A krater is a decorative bowl the Ancient Greeks used to mix wine with water. Euphronius—an Athenian vase painter active in the late 6th, and early 5th century BCE—was a highly influential painter, and was instrumental in the transition from the Late Archaic style of vase art to the Early Classical style. Euphronios and about six other contemporary artists—known by art historians as the Pioneer Group—revolutionized the red figure vase painting technique (as seen pictured above).
There are 27 vases painted by Euphronius currently in existence, and the Euphronios Krater is the most renowned example of his work due to the brightness of its colors and the fact that it is completely intact. It is also remarkable in that it was signed by both Euphronios and the potter, Euxitheos.
In 1972, American antiquities dealer Robert Hecht Jr. sold the Krater to the Metropolitan Museum of Art for $1.2 million. Hecht claimed to have acquired the piece from a Lebanese dealer named Dikran Sarrafian, whose family had owned the piece since 1920.
Because he had documentation to verify this, the Met deemed his custody of the Krater legal under the standards put in place by UNESCO in 1970 (see below), and concluded that their purchase too would be legal. The Italian government was immediately suspicious, as it suspected that the Krater had been acquired through an illegal excavation, but they could not prove anything at that point in time.
The UNESCO (the United Nations Education, Scientific, and Cultural Organization) Convention on the Means of Prohibiting and Preventing the Illicit Import, Export and Transfer of Ownership of Cultural Property of 1970, in highly simplified terms, set into law that any cultural object which had been stolen or illegally excavated after 1970 had to be returned to its country of origin. Every country which ratified the Convention had to follow these terms regardless of the year at which it was ratified. Italy ratified it in 1978, and the United States ratified it in 1983. You can read the full text of the Convention, including the set definition of “cultural property,” here.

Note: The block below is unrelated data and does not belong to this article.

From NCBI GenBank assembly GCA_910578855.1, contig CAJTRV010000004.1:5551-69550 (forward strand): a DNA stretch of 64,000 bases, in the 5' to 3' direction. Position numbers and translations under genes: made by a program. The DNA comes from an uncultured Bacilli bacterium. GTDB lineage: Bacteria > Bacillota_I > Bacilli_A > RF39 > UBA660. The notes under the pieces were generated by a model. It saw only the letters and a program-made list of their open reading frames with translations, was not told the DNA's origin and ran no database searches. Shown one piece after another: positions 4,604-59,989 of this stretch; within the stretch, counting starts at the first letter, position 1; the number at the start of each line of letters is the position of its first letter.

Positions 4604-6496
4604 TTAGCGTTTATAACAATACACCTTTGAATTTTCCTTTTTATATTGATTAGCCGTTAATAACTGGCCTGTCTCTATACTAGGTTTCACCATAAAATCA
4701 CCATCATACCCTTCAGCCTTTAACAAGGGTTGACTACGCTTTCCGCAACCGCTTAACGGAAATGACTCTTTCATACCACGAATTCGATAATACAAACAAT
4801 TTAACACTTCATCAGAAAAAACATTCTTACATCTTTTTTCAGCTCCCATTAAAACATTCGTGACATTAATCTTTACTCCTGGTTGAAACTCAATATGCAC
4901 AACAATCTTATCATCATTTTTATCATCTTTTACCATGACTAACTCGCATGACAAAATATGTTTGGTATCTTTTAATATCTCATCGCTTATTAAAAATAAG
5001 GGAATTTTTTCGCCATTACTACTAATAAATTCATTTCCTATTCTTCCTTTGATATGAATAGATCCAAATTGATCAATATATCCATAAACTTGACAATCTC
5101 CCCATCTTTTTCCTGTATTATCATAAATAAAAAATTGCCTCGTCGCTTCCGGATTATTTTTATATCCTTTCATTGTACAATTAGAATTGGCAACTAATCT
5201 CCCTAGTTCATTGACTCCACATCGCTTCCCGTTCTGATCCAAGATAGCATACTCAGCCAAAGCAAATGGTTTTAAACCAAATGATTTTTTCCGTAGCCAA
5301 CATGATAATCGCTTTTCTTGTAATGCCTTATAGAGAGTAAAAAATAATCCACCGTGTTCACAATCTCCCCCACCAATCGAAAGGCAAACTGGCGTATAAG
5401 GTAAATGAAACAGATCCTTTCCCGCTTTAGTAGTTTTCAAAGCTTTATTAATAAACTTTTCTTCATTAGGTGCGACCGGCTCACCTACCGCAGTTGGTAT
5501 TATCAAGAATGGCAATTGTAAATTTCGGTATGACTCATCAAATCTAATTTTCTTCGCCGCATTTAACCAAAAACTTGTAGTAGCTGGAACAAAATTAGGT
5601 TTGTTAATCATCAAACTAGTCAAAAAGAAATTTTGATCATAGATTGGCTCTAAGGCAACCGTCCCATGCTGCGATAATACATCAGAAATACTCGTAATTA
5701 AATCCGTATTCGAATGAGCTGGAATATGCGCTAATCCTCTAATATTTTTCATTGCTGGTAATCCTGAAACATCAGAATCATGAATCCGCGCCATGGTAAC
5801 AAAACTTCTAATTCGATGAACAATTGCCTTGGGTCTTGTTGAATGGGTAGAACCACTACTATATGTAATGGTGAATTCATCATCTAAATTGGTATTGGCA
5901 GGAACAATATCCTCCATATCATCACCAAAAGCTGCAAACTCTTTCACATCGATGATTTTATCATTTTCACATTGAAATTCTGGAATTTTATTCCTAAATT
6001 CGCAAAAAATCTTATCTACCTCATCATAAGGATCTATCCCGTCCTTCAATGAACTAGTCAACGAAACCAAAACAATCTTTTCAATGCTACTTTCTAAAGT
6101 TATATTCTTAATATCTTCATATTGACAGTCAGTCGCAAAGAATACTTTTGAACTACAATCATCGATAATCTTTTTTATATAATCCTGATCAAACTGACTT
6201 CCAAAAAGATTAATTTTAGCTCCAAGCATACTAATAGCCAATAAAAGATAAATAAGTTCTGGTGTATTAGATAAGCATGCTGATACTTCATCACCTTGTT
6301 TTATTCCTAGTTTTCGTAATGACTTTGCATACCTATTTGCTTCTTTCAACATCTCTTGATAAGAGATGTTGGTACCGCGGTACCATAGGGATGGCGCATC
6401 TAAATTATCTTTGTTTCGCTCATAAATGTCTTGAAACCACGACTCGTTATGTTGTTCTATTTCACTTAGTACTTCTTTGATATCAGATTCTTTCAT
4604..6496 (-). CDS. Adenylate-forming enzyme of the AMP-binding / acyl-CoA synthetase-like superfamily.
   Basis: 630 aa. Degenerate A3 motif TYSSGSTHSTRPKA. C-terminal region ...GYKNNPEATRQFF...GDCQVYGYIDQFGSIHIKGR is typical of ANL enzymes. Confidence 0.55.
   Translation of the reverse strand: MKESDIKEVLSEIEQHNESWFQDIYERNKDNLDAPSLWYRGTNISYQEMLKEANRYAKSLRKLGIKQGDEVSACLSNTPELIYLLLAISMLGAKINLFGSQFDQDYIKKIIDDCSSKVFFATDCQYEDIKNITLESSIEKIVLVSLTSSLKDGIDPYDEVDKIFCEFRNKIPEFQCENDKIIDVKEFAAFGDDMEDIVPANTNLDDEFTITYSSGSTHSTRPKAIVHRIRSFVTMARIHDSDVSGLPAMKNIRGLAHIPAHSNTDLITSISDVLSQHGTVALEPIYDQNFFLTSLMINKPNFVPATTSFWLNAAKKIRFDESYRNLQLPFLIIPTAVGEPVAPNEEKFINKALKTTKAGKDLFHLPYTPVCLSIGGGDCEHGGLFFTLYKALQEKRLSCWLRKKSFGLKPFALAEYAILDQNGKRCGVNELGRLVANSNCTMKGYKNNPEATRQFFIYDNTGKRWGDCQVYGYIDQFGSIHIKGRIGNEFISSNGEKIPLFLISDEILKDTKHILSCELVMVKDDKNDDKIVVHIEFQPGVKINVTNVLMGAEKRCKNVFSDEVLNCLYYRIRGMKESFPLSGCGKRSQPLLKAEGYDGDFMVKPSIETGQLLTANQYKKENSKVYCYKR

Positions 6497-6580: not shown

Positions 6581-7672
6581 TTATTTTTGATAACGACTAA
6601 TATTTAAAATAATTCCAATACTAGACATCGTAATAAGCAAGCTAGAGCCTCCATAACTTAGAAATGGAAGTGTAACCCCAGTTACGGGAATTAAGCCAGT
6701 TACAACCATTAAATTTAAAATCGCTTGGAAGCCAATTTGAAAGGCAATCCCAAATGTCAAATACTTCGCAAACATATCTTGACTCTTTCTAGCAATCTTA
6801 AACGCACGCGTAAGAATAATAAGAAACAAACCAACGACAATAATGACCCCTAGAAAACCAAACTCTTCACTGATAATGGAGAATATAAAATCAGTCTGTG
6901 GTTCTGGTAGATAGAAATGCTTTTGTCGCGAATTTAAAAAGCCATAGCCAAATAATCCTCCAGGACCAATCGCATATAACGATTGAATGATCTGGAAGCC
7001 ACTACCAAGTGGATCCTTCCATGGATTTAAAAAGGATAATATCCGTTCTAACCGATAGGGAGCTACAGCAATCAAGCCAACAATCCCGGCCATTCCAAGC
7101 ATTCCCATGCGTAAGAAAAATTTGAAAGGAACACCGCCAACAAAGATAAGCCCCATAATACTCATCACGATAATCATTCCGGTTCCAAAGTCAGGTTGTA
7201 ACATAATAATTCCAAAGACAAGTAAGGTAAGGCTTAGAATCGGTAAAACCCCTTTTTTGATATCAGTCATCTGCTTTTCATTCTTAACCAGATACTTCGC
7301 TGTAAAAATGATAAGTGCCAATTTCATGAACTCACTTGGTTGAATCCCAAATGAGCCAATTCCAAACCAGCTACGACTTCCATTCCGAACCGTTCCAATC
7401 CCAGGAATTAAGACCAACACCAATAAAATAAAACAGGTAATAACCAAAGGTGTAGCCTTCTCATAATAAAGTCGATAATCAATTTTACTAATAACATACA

The installation of this law caused museums, archives, and dealers to pay much better attention to the documentation of objects they wished to acquire into their collections. If they could not verify that the object had been acquired legally after 1970, or they could not verify the provenance of objects held in private hands before 1970, the repository would not accept the item. As you may imagine, this only resulted in the creation of very impressive forgeries of documents.
Which brings us back to the Euphronios Krater. Despite the Italian government’s continued belief that the Krater had been illegally excavated, the Met would not discuss the issue until 2001. Between 2001 and 2005 it came to light that Hecht had not purchased the piece from Dikran Sarrafian, but had knowingly purchased it from a network of illegal excavators headed by Italian art dealer Gaicomo Medici. The Krater has been illegally excavated from an Etruscan tomb in 1971, and smuggled out of the country by Hecht shortly thereafter.
Hecht is currently standing trial on allegations of trafficking illicit antiquities, and Medici’s court hearings began in 2005. In 2006, after all of this had come to light, talks between the Met and the Italian government started up again, and in January of 2008, the Krater was returned to Italian soil.